The key to good writing is to get to know your characters just as well as you know the real people in your life.  I should probably say “flesh-and-blood” people, because as most writers will tell you, their characters are like real people to them.

You know what your husband/wife/significant other/best friend would say or do in any given situation because you know them that well.  Though sometimes they will surprise you and do something completely different and unexpected.  It’s what keeps life interesting.  And when the same thing happens with your characters, and you capture it in your book, it’s what will keep your readers turning the pages.

Revisions & Rewrites by The Lisa Shearin Group Bestselling Author

Revisions and rewrites—they kind of sound the same, but they’re not.  Not by a long shot.  In my experience, revisions are just a step or two above tweaking.  Simple problem, easy fix.  A rewrite is just what it sounds like, taking the editing chainsaw to a manuscript to fix some serious issues (aka screw ups).  At least once, most writers experience that special moment when they realize that their precious project is a skanky, stinky pile of tripe.  Yep, I’ve been there and had to fix that.  It was a lot of work and it wasn’t pretty, but the results were intensely satisfying once the dust settled.

To avoid the embarrassment of having your critique group/beta reader/agent/editor witness your writer “duh moment,” it’s preferable to discover for yourself where your plot train derailed. The red flags for me should have been characters behaving uncharacteristically and more than a few chapters that didn’t propel my story forward.  They would have been red flags if I hadn’t been too close to the book to see them.  Fortunately my agent was there to tell me where my plot train had derailed—and crashed and burned.  In the instant when she pointed out the problem, I immediately saw how that problem had spawned a snafu, which had caused my first sub-plot to . . .well, you get the picture.  I metaphorically smacked myself in the forehead for being too dense not to have seen it all myself.  I knew I had a rewrite on my hands, not a revision.  At that point, there was nothing left to do but put on my hazmat suit and wade in.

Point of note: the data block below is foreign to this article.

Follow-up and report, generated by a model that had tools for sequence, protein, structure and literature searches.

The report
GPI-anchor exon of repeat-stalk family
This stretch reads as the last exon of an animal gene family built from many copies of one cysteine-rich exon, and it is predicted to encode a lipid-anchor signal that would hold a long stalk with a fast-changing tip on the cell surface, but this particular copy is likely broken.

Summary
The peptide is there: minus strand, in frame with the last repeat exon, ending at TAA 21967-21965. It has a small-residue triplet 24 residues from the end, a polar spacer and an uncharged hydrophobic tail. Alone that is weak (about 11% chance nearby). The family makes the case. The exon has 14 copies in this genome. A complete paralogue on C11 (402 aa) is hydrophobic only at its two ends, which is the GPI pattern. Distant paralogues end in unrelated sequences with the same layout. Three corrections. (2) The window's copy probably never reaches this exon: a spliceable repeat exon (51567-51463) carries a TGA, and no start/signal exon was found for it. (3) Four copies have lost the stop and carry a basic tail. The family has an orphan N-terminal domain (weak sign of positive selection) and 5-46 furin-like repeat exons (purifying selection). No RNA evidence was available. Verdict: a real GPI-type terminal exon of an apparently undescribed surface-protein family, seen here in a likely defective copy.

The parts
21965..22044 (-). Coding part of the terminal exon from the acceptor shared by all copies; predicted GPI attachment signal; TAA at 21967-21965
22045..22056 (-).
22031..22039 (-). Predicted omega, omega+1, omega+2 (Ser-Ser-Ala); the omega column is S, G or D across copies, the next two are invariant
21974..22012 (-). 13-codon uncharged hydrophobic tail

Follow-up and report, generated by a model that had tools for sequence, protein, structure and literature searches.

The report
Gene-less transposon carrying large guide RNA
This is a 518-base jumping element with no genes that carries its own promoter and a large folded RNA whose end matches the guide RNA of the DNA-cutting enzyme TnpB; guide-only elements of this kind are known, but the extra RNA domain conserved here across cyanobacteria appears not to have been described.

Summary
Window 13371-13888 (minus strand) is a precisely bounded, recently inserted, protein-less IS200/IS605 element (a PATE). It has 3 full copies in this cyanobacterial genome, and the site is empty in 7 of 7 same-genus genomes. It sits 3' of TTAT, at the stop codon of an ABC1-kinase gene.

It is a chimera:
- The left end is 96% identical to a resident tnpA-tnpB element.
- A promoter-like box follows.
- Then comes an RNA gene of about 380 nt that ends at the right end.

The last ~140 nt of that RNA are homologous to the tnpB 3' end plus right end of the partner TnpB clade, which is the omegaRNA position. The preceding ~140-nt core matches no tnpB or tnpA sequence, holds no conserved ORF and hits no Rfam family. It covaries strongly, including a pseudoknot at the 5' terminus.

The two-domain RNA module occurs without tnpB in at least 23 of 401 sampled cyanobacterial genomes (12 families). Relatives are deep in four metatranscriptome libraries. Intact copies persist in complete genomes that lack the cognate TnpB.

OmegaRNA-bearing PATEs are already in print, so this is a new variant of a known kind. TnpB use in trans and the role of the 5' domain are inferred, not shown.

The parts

I had a book contract and was on a deadline, so not fixing the book was not an option.  But if you’re what I like to call “pre-published,” you might be tempted to throw in the towel when faced with what you see as a book with insurmountable problems.  I’m here to tell you that it’s never as bad as you think.  If your core story is solid, everything else can be fixed.  The key is to fix one problem at a time.  And if your solution causes more problems further on in the book than it solves, you simply discard it and find another solution.  For me, the key was to keep my emotions out it, to look at my book from a dispassionate point of view, and to dissect it to find the best way to fix it—not the easiest way, but the best way—the way I knew would give me the best book possible.

And when the rewrite was done, the dust had settled, and the finished book was on my editor’s desk, I was proud of more than that book.  I was proud of myself for digging in, doing the work, and not giving up.

So who was my literary problem child?  My second book Armed & Magical, which went on to become my first nationalbestseller.